Dear new grad students: One tired prof's perspective

Sep 07 2011 Published by under [Education&Careers]

The new semester is bearing down and with it a bunch of bright-eyed grad students have come to campus To Do Science. I am happy for these new students and am genuinely excited to get to know them.


There's a few mistakes that one or two will make right away that always leaves the non-n00bs shaking their heads. With that in mind, a couple of do's and don'ts for the newly fledged.

Do's (Almost all of these can be figured out online or in a quick conversation with grad students who have been around for a year or more. It may also be covered in your orientation.)

- Figure out the structure of your program a bit and who you need to talk to with certain questions. Who is the Grad Director? Who is the Chair? Who are the key Admin Staff? What types of questions should be directed where?

- If you're in a rotation system, figure out how it works.

- If you are not, get a feel for the structure of the lab you just entered. Who are the people most related to your project? Is there a postdoc you can talk to when you are stuck? Which students will show you "the ropes".

- Read.

- Are there required classes for your program? If so, get signed up. If not, how many course credits do you need and which classes are the best for your area?

- Get to know your cohort.

- Read.


It is important to realize that your priorities may not be immediately aligned with those around you. This is not undergrad anymore, things are going to be different.

- Don't email busy people on a holiday weekend with the subject line "URGENT" unless you are trying to find the MSDS for a chemical you just drank or spilled on you.

- Don't request permission numbers for the wrong class. Twice.

- Don't expect an immediate response from people on non-urgent issues. And even then, don't get your hopes up or email again after 20 minutes has passed.

- Professors are not the only people who know How Things Work. Don't go to them for every minor question.

- Finally, don't assume that professors live at the university and work 24/7. Many of us* have lives and other things going on. Our personal lives can affect how we approach our job, even if those things are hidden from your knowledge. Take it from someone who hasn't had more than 3 hours of uninterrupted sleep in four weeks, sometimes we're cranky for reason unrelated to you. Don't take it personally.

Generally, it'll take you some time to settle in, but don't expect that you're going to walk in and start running on day one. Get to know your surroundings and the people who can help make your transition easier. A well-run lab has a hierarchy of support and assistance which is there to make sure you have the tools and knowledge you need to succeed, but it's up to you get up to speed.

Now get reading.

* Though not all.

22 responses so far

  • Dr Becca says:

    Also? It is OK if you cry every day for the first month or so, something that maybe happened to an acquaintance of mine.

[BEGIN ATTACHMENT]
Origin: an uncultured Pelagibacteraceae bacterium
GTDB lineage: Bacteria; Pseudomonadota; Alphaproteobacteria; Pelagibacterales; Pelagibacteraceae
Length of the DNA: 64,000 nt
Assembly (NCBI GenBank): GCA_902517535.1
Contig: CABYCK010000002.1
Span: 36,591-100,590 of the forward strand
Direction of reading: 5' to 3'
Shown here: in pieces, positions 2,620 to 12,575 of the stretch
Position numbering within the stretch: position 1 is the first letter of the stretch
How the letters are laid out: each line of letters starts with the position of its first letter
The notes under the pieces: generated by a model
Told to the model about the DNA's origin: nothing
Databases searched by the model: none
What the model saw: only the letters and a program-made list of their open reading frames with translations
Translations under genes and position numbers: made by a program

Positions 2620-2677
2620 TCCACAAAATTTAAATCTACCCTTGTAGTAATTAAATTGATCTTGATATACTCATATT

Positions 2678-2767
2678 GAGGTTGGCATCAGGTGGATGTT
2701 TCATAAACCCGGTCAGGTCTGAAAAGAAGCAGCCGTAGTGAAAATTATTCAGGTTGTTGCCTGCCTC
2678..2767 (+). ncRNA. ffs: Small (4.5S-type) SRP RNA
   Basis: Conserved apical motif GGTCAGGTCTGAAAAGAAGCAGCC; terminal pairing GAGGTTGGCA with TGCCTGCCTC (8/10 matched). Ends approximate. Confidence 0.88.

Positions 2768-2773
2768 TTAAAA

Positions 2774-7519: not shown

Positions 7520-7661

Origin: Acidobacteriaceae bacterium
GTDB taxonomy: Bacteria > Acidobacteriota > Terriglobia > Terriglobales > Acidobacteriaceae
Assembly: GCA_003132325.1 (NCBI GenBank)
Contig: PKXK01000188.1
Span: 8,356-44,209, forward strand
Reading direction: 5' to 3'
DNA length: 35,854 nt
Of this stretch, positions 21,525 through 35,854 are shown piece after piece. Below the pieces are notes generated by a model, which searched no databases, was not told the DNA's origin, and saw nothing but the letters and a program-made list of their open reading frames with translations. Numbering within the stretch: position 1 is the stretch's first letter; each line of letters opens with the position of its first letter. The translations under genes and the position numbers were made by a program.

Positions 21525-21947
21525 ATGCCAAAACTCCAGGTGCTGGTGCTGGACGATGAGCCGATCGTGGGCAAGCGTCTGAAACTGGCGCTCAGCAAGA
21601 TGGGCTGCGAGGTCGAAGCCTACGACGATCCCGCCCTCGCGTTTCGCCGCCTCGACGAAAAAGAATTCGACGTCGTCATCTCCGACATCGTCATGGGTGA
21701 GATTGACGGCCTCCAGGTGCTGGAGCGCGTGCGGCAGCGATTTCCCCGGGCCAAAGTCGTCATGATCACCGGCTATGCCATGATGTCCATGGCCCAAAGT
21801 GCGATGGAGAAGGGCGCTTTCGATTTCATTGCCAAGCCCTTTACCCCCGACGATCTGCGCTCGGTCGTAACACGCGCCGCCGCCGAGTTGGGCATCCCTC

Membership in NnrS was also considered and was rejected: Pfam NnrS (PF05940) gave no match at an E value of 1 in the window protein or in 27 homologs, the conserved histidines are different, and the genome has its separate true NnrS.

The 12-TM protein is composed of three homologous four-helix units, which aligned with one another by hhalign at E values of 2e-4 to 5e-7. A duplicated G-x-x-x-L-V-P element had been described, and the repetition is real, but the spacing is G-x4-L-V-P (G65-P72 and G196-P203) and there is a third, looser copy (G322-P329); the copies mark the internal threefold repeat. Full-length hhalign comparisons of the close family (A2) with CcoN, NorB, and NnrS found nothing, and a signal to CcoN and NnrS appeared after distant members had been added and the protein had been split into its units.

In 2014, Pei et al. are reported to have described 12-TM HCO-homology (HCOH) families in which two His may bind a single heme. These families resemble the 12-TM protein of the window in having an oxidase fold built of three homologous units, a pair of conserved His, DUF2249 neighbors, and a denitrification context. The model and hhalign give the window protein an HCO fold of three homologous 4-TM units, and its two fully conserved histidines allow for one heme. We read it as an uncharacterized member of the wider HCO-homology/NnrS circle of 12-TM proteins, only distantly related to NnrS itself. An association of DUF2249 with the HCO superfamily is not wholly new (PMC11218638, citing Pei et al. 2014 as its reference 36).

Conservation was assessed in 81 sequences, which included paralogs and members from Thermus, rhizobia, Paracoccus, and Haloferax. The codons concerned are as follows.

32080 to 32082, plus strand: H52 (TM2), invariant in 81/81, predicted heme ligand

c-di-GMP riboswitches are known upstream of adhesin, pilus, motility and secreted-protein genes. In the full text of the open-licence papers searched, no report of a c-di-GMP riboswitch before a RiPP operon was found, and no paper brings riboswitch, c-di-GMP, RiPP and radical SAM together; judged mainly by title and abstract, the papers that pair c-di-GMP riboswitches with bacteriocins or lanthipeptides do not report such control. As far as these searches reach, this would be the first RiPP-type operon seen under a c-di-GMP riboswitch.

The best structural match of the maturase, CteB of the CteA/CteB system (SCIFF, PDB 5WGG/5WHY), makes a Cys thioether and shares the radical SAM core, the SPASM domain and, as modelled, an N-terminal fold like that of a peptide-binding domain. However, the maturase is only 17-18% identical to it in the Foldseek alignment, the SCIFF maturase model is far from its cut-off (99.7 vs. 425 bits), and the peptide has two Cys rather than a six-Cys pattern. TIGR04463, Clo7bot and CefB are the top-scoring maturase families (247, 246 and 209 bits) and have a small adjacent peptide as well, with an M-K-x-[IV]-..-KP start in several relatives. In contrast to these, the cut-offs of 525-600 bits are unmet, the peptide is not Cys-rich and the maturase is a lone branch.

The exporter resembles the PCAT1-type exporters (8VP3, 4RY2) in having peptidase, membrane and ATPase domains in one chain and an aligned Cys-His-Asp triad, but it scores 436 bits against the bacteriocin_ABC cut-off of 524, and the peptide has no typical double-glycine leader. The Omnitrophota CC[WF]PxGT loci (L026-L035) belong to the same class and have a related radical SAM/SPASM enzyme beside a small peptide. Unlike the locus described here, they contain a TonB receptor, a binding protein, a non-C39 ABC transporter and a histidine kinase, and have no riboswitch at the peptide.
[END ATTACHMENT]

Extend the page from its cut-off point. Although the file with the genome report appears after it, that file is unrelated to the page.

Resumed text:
• proflikesubstance says:

    As long as it's not in my office. The undergrads used all my tissues.

    But seriously, if you are that sad you need to talk to people around you and your PI and figure out if you are in the right place for you.

  • DrugMonkey says:

    Polish P-lS's Bentley with circular motions, not back and forth.

  • Zen Faulkes says:

    Do: Generate data. As soon as you can. Do this, and the odds of the faculty you work being happy go up. WAY up.

    Don't: Worry excessively about your GPA. Don't fall below the minimum required to stay in the program, but don't go nuts trying to max it out. From here on in, you're going to be evaluated much more on the research you do.

  • proflikesubstance says:

    Polish P-lS's Bentley with circular motions, not back and forth.

    Dude, I sold that thing. Who needs a Bentley with the new Aston Martin out. And only postdocs get to polish that.

  • Dear New Grad Students,

    A sense of entitlement and an inability to follow simple directions do not bode well for your success in this program.


  • Do not trash talk about PI or labmates with random people. You make think that you are showing off your amazing science prowess, but really you just look like an idiot. (There's a new grad student doing this now and it reflects poorly on him/her. Also, if you think your PI is misguided in his/her science, why did you join that lab?)

  • Yael says:

    PiT: That goes for new postdocs too!!

    Also saying: "we did it this way in my previous lab and your way is wrong" (for new grad students and postdocs) is an almost sure-fire way to get everyone to dislike you.

  • Alyssa says:

    I second what PiT, Amanda, and Yael said. Don't act like you know everything. If you ask for advice, don't scoff at everything other, much more experienced, people tell you (there is a new student here like this).

  • becca says:

    Don't write off faculty as useless because other students have had problems with them.
    But don't feel so compelled to give everyone a fair hearing that you join a lab that has had recently kicked out a student.